The federal Labor Party may have its problems – but at least Simon Crean and Mark Latham worked through its system, senior sources will tell you. Or so it looked until this week. There were furtive looks in the corridors when Latham’s former senior policy adviser and local government colleague Alex Sanchez popped up with an opinion piece in The Australian on Tuesday. Liverpool City Council’s revenge, some wags dubbed it.
The last thing Labor wants is anyone noticing how one of Latham’s saddest legacies still remains – the B Team of parliamentarians prepared to serve in a shadow ministry with him after last year’s defeat. Kim Beazley let himself be drafted for leader under circumstances where he could say there were “no deals”. What this really meant was “no spills” – that Jenny Macklin would remain as deputy and every other frontbencher could keep their spot.
What has left many Labor watchers surprised has been Beazley’s failure to create two new positions in the shadow ministry for Lindsay Tanner and Bob McMullan – positions to plug the talent gaps. The Rooster Precedent – Wayne Swan and Stephen Smith’s moves off and back on to the frontbench back in 2003 – would justify such a measure.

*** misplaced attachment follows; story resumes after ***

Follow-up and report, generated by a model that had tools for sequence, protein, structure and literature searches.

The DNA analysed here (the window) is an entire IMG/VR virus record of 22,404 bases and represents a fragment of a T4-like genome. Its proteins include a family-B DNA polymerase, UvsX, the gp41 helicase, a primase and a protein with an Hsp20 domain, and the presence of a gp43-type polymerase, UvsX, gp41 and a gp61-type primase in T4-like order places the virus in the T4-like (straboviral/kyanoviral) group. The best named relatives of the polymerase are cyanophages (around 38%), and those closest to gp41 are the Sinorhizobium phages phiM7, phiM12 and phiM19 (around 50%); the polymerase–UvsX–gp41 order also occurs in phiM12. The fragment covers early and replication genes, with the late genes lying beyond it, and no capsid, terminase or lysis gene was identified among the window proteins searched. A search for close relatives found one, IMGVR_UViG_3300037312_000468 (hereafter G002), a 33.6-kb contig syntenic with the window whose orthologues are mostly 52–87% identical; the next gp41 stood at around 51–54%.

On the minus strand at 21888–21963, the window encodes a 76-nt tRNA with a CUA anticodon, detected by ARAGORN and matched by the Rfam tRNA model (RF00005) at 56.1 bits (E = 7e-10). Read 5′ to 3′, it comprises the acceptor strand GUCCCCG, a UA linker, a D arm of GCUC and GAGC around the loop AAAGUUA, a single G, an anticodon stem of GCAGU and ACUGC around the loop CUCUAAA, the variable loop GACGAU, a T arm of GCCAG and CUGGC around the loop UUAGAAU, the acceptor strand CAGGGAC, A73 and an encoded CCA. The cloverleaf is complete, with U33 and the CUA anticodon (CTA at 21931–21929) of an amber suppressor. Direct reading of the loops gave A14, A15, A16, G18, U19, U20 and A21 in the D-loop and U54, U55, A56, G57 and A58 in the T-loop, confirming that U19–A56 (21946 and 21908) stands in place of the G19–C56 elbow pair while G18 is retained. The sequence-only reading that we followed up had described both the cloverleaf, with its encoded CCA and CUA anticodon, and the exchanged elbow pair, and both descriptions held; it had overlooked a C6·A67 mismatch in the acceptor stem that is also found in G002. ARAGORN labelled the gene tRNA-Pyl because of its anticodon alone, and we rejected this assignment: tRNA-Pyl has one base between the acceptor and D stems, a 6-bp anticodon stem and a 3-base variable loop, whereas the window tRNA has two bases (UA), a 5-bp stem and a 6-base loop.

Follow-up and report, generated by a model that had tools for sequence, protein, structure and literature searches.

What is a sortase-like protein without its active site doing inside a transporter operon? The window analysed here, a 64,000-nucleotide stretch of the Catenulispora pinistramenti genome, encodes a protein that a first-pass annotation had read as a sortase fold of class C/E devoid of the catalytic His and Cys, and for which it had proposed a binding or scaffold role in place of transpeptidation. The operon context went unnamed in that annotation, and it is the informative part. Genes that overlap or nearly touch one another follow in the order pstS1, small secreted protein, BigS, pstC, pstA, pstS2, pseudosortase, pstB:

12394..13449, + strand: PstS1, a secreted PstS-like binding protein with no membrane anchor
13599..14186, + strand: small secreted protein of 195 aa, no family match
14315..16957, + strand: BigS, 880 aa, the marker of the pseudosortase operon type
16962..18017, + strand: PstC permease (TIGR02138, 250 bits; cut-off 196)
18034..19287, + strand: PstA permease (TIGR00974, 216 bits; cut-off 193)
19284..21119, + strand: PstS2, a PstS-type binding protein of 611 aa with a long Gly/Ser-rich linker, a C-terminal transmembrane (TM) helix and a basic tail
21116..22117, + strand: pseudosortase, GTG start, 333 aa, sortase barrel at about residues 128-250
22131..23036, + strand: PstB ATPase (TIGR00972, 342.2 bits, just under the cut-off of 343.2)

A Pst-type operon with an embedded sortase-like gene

Perhaps Beazley is afraid that they would show up Macklin. The job she did on Michael Wooldridge over health suggests that Macklin has everything it takes to be an OK minister. She just doesn’t add value as deputy – unless you’re a member of Emily’s List.
And value remains the big thing missing on Labor’s frontbench. Laurie Ferguson, Joel Fitzgibbon, Joe Ludwig, Kim Carr, Bob Sercombe, Tony Burke, Arch Bevis, Jan McLucas and Alan Griffin all shadow ministers – while Lindsay Tanner, Bob McMullan, Duncan Kerr, Peter Garrett and, yes, even Carmen Lawrence sit on the backbench? Puh-leaze! It’s scarcely a sign of a party willing to put factional differences aside and pick out the team that can lead them to victory.